Posted Feb 19, 2018 at Westwards
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A tall black man in a fluttering white garment is folding his hands in prayer, then sweeping them over his face. He stands still for a while looking out over the sea from the back corridor of the historic house on the Île de Gorée in Senegal, from the “House of Slaves”. Next to him someone is unwrapping a baguette sandwich. The Île de Gorée is a tiny island not far from Senegal 's capital, Dakar. Today, the small island measuring only 300 by 500 m has a population of about thousand people, but in the 17th and 18th century, at the height of the slave trade, as many as 5000 would have lived in the confined space … Some years after our visit to the Île de Gorée in Senegal, we are back in West Africa but on its southern coast – what used to be called the slave coast. The remains of a similar slave trader's house, the Woold House (maison des esclaves), have been rediscovered in Agbodrafo, a ... Continue reading
Posted Feb 7, 2018 at Westwards
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El Hierro, the smallest, newest and westernmost of the Canary Islands is far off from Europe and yet a part of Spain: We had seen pictures of the spectacular cloud forest of El Hierro at the Tourism Fair in Berlin (ITB) and wanted to explore it ever since. The island has only about 10,000 inhabitants and very little tourism and is famous for its falling fogs, people had assured us, but we didn't really know what to expect. ***Day 1: La Caleta – somewhere behind San Andres, 17,2 km, 1300 m up.*** We have started our hike on the coast in La Caleta, not far from the harbour. The long distance trail GR 131 crosses the whole island, so we climb up into the highland between cacti, huge agaves and dry stone walls. Up on the mountains, clouds are closing in, and the higher we get ... Continue reading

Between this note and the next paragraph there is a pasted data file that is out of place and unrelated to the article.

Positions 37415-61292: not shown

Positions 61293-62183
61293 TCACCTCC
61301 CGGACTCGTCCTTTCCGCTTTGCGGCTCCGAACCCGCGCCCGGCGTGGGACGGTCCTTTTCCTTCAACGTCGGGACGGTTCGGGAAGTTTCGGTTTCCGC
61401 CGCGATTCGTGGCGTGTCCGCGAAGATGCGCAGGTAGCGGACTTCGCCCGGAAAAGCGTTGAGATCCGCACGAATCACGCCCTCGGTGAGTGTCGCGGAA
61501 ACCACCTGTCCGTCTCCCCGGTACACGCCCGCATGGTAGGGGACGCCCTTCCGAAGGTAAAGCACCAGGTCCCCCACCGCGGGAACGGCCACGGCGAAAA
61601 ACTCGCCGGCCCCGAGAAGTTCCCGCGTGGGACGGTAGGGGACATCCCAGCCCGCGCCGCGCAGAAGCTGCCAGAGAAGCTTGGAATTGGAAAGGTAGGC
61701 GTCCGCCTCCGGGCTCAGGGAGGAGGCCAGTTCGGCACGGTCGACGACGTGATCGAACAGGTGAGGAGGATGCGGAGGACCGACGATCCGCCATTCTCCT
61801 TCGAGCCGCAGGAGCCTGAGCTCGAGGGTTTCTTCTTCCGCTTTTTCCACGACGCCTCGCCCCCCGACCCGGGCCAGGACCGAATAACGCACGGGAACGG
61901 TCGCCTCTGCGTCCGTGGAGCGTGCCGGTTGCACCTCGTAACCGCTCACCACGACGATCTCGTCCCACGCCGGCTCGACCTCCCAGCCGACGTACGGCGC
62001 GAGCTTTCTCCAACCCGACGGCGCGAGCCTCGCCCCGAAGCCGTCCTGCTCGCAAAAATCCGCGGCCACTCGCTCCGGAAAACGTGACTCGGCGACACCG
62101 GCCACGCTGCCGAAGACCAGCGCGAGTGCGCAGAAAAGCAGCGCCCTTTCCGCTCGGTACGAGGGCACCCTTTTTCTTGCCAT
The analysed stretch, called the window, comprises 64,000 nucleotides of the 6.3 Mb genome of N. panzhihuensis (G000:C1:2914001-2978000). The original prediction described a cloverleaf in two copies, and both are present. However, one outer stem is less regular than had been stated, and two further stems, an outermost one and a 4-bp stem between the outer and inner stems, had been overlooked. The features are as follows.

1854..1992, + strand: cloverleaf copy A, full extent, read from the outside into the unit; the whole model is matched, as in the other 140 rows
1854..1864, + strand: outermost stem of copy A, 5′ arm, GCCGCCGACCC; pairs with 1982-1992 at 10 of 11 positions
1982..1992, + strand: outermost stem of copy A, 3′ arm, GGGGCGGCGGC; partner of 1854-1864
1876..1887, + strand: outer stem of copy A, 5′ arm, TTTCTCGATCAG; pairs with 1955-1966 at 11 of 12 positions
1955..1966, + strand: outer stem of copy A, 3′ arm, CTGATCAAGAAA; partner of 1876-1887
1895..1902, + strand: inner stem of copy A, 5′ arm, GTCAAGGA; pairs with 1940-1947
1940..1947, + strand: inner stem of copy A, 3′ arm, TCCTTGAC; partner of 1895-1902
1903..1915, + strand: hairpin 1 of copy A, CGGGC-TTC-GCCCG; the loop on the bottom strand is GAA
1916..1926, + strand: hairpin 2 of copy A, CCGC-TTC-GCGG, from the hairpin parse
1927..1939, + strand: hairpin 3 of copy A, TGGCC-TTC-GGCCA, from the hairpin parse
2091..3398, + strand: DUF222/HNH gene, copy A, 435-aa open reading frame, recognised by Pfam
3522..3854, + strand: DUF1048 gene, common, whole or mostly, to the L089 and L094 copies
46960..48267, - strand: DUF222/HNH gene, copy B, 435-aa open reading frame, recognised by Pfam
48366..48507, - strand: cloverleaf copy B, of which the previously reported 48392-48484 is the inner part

Posted Jan 21, 2018 at Westwards
Dear Kemkem, thanks for your kind words. If you have any questions about Japan, just ask. And we are very much looking forward to West Africa (and to escape the European cold!). We definitely will post about the trip. We could not fit in Nigeria this time though...
Toggle Commented Dec 31, 2017 on Happy 2018 – Year of the dog at Westwards
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We wish you all a joyous New Year and a very happy 2018! We are looking back on a year 2017 both busy and sad. Apart from brief trips to Barcelona and Copenhagen at the beginning of the year, we spent several months in Japan updating guide books, but we could also add a short visit to South Korea. In summer, we had planned a 10 day hike along the Peaks of the Balkans but had to return to Germany early to attend to Natascha's sister who had been hospitalised and subsequently, and very quickly, died of ALS. This death also dominated the rest of our year, although we had more writing work to do and Natascha did tour guiding in Central Asia and in Japan in autumn. In October and November we managed to fit in a bit of hiking and climbing in Bavaria, on El Hierro and Tenerife. Our most exciting professional achievement ... Continue reading
Posted Dec 28, 2017 at Westwards